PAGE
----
The New Baby
Introducing Dogs to Babies
The following suggestions should help your dog to adjust to your new baby:
1. Getting Ready for the Arrival.
Once your dog learns the basic sit/stay and down/stay commands, you should continue to work these commands at home. You should start requiring that your dog sit/stay or down/stay as you do things that resemble "baby activities" around it. For example, pick up a doll, cradle it, rock it, and walk back and forth. Periodically, reward the dog with titbits, petting or praise for remaining in a sitting position while this is going on. The doll should also be wrapped in baby blankets and shown to the dog, which must learn to control itself and to refrain from moving. Because dogs respond with interest to strange sounds, it is a good idea to accustom your dog to the recorded sounds of a baby crying, babbling, or making other normal "baby" sounds. Ideally, if the opportunity is available, expose your dog - in a controlled manner to ensure the infants safety - to real babies of friends or neighbours. This procedure should be considered only if the dog is reliably trained and controllable. The dog should gradually be exposed to babies until it can remain relaxed in their presence. This may require several sessions.
If your baby is born in a hospital, your dog will remain at home. You can use this interval to familiarize your dog with the baby's smell by bringing home blankets or clothing the baby has worn. (On the subject of nappies: It would advisable you to keep soiled nappies in a tightly closed container. One of the functions of a mother dog is to lick up the urine and faeces of puppies to keep the sleeping area clean. Quite frequently, female dogs will ingest the faeces of a human baby and may go to great lengths to clean up after the child, including raiding nappy buckets! This is not an abnormal behaviour but a normal aspect of canine maternal behaviour.)
2. Bringing Your Baby Home
One parent should attend to the baby and the other to the dog. The dog should be in a sit/stay or down/stay and on a lead. If there is any concern that the dog may leap at the baby, a halter or muzzle should be placed on the dog. (The dog should already be used to the muzzle prior to this introduction.) The dog should be allowed to see the baby from 10 to 15 feet away. Then either the dog or baby should be brought closer to the other, slowly, one foot at a time. If the dog remains calm and under control, it might be allowed to sniff the baby, again from a safe distance. If the dog is extremely excited, however, this progression should not be attempted. If the dog has a history of predatory or aggressive behaviours, it may take many introductions before dog and baby are close enough for the dog to investigate the baby closely.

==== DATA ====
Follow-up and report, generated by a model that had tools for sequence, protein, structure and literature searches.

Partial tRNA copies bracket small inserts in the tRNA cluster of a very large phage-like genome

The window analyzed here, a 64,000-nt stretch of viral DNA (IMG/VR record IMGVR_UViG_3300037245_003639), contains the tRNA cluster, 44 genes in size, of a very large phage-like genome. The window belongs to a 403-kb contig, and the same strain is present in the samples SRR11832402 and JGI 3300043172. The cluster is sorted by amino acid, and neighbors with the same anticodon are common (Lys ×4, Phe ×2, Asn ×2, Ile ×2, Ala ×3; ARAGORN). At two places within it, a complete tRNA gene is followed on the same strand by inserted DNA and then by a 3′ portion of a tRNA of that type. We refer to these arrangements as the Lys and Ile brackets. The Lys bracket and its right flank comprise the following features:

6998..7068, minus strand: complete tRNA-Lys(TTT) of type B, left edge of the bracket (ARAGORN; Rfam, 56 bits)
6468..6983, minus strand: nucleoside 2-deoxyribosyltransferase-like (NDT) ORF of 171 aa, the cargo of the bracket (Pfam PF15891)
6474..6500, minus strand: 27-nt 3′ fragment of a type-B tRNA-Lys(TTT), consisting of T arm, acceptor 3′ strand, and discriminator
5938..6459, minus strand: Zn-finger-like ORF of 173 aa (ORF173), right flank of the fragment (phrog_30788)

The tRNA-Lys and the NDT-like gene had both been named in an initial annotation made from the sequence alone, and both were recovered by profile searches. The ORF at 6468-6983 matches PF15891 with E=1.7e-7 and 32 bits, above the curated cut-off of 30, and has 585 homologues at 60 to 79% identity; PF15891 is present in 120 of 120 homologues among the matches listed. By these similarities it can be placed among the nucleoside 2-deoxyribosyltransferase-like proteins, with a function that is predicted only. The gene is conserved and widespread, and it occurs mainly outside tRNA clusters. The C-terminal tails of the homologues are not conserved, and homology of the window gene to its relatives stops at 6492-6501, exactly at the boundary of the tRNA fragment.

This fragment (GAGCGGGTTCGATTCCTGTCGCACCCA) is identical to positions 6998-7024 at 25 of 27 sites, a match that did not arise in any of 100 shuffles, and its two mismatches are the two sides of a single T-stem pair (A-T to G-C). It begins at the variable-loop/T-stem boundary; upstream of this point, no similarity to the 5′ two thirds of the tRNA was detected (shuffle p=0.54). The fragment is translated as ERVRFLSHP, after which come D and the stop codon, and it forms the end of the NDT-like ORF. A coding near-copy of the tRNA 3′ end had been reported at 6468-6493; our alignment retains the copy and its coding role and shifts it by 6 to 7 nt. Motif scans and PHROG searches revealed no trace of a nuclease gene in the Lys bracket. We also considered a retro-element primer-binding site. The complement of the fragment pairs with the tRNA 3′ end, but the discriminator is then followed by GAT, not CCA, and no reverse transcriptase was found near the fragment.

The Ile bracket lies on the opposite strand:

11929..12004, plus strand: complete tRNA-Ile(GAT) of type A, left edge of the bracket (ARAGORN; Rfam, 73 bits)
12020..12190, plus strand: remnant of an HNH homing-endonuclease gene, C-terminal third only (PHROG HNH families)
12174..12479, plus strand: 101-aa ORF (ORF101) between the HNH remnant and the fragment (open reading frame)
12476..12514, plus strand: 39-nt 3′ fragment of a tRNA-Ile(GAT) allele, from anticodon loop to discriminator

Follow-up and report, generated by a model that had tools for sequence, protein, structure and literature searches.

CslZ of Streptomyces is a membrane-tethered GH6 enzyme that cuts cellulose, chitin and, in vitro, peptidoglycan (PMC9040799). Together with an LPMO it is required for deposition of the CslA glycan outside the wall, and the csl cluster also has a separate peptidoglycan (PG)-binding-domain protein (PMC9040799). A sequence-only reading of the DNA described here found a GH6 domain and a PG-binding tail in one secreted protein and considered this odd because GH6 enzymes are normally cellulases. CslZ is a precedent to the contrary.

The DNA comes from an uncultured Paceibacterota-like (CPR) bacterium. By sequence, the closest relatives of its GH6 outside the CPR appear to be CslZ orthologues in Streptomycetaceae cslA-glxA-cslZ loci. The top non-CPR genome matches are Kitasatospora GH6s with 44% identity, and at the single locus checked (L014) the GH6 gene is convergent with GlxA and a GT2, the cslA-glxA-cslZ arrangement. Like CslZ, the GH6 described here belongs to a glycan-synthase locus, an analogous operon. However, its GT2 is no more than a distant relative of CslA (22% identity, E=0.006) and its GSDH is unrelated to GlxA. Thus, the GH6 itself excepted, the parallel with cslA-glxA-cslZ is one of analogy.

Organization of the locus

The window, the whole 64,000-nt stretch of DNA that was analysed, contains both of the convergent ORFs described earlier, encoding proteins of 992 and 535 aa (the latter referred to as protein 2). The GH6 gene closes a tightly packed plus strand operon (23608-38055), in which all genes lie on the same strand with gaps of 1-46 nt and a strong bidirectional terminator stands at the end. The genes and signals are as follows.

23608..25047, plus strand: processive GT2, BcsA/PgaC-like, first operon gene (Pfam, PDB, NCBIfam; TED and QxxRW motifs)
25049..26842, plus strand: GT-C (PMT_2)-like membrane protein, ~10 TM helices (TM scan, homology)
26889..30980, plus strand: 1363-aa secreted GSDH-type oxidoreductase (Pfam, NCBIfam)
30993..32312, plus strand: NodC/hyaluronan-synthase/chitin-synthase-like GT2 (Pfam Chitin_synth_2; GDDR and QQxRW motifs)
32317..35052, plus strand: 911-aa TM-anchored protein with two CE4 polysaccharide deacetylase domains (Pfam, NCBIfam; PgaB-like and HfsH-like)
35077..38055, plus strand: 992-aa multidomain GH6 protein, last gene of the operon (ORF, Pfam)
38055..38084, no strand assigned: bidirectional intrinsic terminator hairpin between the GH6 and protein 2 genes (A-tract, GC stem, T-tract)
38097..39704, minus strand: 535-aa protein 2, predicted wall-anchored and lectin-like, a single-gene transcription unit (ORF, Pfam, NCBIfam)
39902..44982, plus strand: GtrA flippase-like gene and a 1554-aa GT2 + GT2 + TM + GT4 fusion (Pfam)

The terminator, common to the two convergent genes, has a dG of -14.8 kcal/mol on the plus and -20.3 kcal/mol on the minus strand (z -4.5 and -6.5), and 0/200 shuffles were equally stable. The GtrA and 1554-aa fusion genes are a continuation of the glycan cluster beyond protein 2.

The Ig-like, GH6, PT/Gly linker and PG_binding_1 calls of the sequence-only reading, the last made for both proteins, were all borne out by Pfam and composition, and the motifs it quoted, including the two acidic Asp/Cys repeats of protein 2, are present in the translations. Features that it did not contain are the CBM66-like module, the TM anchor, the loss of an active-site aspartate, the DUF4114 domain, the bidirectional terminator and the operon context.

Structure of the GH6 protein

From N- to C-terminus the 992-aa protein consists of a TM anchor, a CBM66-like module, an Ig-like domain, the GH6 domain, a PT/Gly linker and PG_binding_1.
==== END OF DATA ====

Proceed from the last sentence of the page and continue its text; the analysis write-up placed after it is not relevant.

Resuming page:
Err on the side of caution when determining when your dog is ready to approach your baby close enough to actually sniff the baby. Over a period of days, however, your dog should be allowed to smell the baby up close. After several introductions, and when it is clear that the dog is not going to nip or lunge at the baby, you can allow your dog off the lead near your infant.
3. The First Several Days and Thereafter
One tip that can be helpful is that whenever you begin to do something with you baby, you can put the dog in a sit/stay and periodically reward it with a titbit. This procedure allows the dog to associate pleasant experiences with the baby and gives the dog extra attention when the baby is present.
If after the first several days you are still concerned that your dog might harm your baby, a screen door or gate could be fastened at the entrance to the child's room. This precaution allows you to hear the baby but eliminates your dog's access to the room.
Monitoring Your Dog's Behaviour
Help your dog learn that the baby belongs in your family by exposing the dog to the baby in a very gradual and controlled manner. The exposure should be positive so the dog does not associate unpleasant situations with the baby so the dog does not feel anxious or aggressive in the baby's presence.
Stan Rawlinson ( Doglistener) is a Dog Behaviourist and Obedience Trainer who has owned and worked dogs for over 25 years, starting with Gundogs then moving on to the behavioural and obedience side of Pet Dogs in 1996. He now has a successful practice covering London, Surrey and Middlesex you can visit his Web Site at www.doglistener.co.uk .